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Those That Went Before
A lineage of psychedelic print publications
by Fire Erowid
Jun 2011
Citation:   Erowid F. "Those That Went Before: A lineage of psychedelic print publications". Erowid Extracts. Jun 2011;20:12-16. Online edition:
Prior to 1949, the body of literature about psychedelics was quite small, consisting of a handful of medical case reports from the late 19th and early 20th centuries, a few descriptions of the use of peyote and mescaline, and a small selection of journal articles. Then, around 1949, research into LSD and (to a lesser extent) other psychedelic drugs increased dramatically, with more than 1,000 scientific articles published by 1959 and a few books about peyote, mescaline, and LSD emerging in the late 1950s. In the 1960s, publication skyrocketed around the world, and the genre of psychedelic-focused print periodicals targeted at psychedelic users was created.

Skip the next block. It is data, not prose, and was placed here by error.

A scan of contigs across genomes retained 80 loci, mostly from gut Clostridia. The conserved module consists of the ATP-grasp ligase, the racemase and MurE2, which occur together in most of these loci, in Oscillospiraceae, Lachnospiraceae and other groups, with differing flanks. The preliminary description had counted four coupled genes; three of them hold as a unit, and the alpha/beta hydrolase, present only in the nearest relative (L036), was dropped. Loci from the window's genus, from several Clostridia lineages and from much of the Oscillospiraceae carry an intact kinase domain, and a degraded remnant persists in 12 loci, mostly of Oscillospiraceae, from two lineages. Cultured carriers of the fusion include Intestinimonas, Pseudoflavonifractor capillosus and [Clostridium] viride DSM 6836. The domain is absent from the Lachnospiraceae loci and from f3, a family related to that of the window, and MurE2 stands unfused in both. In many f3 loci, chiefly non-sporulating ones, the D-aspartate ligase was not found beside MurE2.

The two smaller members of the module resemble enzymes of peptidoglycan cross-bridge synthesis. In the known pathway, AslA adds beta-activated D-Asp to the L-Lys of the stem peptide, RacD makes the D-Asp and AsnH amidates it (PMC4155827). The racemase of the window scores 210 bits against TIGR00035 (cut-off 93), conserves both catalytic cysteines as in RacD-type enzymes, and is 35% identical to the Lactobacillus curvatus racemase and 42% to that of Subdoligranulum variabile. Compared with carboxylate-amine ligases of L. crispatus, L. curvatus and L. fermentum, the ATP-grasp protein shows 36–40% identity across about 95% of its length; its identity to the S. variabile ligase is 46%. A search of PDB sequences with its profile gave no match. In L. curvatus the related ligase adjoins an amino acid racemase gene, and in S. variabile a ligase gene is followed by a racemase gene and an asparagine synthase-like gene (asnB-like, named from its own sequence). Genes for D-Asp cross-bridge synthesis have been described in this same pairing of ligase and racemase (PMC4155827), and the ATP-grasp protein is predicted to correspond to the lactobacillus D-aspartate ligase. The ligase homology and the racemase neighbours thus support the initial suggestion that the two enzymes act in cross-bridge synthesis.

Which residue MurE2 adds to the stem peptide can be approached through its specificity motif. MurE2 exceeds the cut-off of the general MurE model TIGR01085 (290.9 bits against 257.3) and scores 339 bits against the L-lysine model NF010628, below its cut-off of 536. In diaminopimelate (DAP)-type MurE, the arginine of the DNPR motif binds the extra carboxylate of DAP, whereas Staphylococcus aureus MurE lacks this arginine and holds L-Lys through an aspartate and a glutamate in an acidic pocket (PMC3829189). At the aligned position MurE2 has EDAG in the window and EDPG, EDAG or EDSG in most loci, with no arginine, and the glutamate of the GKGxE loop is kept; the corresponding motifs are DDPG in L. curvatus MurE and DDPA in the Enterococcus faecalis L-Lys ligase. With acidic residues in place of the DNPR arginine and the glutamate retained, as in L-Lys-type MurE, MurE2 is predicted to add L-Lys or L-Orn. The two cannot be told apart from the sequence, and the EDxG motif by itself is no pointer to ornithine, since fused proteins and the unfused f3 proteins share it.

Over the past 50 years, a shared belief behind many of these magazines, journals, and zines was that psychedelic users needed more helpful information and that, due to legal controls on these substances, this information needed to come from within the underground or counterculture itself. Such publishing is a nerve-wracking enterprise that takes a particular type of determined editor and publisher. It was not unusual for a new underground title to last only one or two issues, with funding and resources difficult to come by, and subscribers nervous about signing up.